A concerted Chinese campaign to hack in to the personal email accounts of senior US government officials, Chinese political activists, military personnel and journalists has been uncovered by Google.
The search giant said it had traced a so-called "spear phishing" bid to Jinan, China. The coordinated attacks involved tailored emails being sent to hundreds of individuals. Appearing to come from a person known to the victim, each email led to a fake Google gmail log in page where users would normally enter their password.
In a blog post, Google said that "The goal of this effort seems to have been to monitor the contents of these users' emails, with the perpetrators apparently using stolen passwords to change peoples'forwarding and delegation settings. Google detected and has disrupted this campaign to take users' passwords and monitor their emails. We have notified victims and secured their accounts. In addition, we have notified relevant government authorities."
The attack targeted individuals rather than Google's own systems. Its aim was to fool people into voluntarily handing over their login details. A Google spokesman said that while the company could determine where the attacks apparently came from, "we can't say for sure who is responsible. Our focus now is on protecting our users and making sure everyone knows how to stay safe online."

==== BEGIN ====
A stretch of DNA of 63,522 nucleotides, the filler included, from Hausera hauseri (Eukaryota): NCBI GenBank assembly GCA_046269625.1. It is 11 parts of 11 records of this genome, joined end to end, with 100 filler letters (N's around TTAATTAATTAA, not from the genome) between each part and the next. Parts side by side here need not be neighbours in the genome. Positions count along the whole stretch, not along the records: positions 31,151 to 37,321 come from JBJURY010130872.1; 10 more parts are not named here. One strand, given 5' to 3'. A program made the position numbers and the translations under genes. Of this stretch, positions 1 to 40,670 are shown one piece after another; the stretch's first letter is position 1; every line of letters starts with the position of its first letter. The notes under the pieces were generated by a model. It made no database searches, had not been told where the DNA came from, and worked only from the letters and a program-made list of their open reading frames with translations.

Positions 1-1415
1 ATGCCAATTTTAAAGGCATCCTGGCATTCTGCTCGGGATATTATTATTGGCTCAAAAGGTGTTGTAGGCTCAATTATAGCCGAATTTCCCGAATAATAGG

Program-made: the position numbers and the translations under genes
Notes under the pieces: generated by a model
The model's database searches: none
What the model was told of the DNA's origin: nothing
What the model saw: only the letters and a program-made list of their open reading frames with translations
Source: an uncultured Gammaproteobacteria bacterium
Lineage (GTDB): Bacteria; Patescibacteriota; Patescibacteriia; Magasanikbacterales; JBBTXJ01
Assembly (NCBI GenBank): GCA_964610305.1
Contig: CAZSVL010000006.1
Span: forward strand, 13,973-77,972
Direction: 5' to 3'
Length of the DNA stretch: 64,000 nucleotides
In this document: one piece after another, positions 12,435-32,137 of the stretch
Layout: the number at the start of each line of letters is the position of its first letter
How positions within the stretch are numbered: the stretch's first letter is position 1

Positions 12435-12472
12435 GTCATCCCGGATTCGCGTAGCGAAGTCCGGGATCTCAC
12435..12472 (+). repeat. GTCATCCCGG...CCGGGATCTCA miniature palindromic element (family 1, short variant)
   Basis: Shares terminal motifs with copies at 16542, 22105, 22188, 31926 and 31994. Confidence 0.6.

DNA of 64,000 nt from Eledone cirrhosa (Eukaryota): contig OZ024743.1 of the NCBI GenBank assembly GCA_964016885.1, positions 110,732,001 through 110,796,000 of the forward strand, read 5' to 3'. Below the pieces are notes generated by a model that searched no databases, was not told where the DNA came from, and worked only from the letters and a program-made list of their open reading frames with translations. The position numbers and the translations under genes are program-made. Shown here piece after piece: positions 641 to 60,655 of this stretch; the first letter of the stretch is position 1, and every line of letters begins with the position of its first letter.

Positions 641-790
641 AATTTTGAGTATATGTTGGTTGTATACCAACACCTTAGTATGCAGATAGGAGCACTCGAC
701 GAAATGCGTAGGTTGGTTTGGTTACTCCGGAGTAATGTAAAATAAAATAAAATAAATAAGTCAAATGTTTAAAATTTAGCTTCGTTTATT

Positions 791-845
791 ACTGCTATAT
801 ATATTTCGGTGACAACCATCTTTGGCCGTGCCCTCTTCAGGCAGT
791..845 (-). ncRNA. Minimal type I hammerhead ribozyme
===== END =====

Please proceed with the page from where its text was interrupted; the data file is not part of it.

It is not known whether other email providers have been targeted in similar attacks. In January last year, however, Google said that it had uncovered a concerted bid to undermine both its own systems and those of other providers such as Yahoo. At the time, the company said that it was the victim of "a highly sophisticated and targeted attack on our corporate infrastructure originating from China that resulted in the theft of intellectual property from Google".
Google has recently introduced improved security features, including "two-step authentication", where users are asked to enter both a pin generated by their mobile phone and a password to access their emails.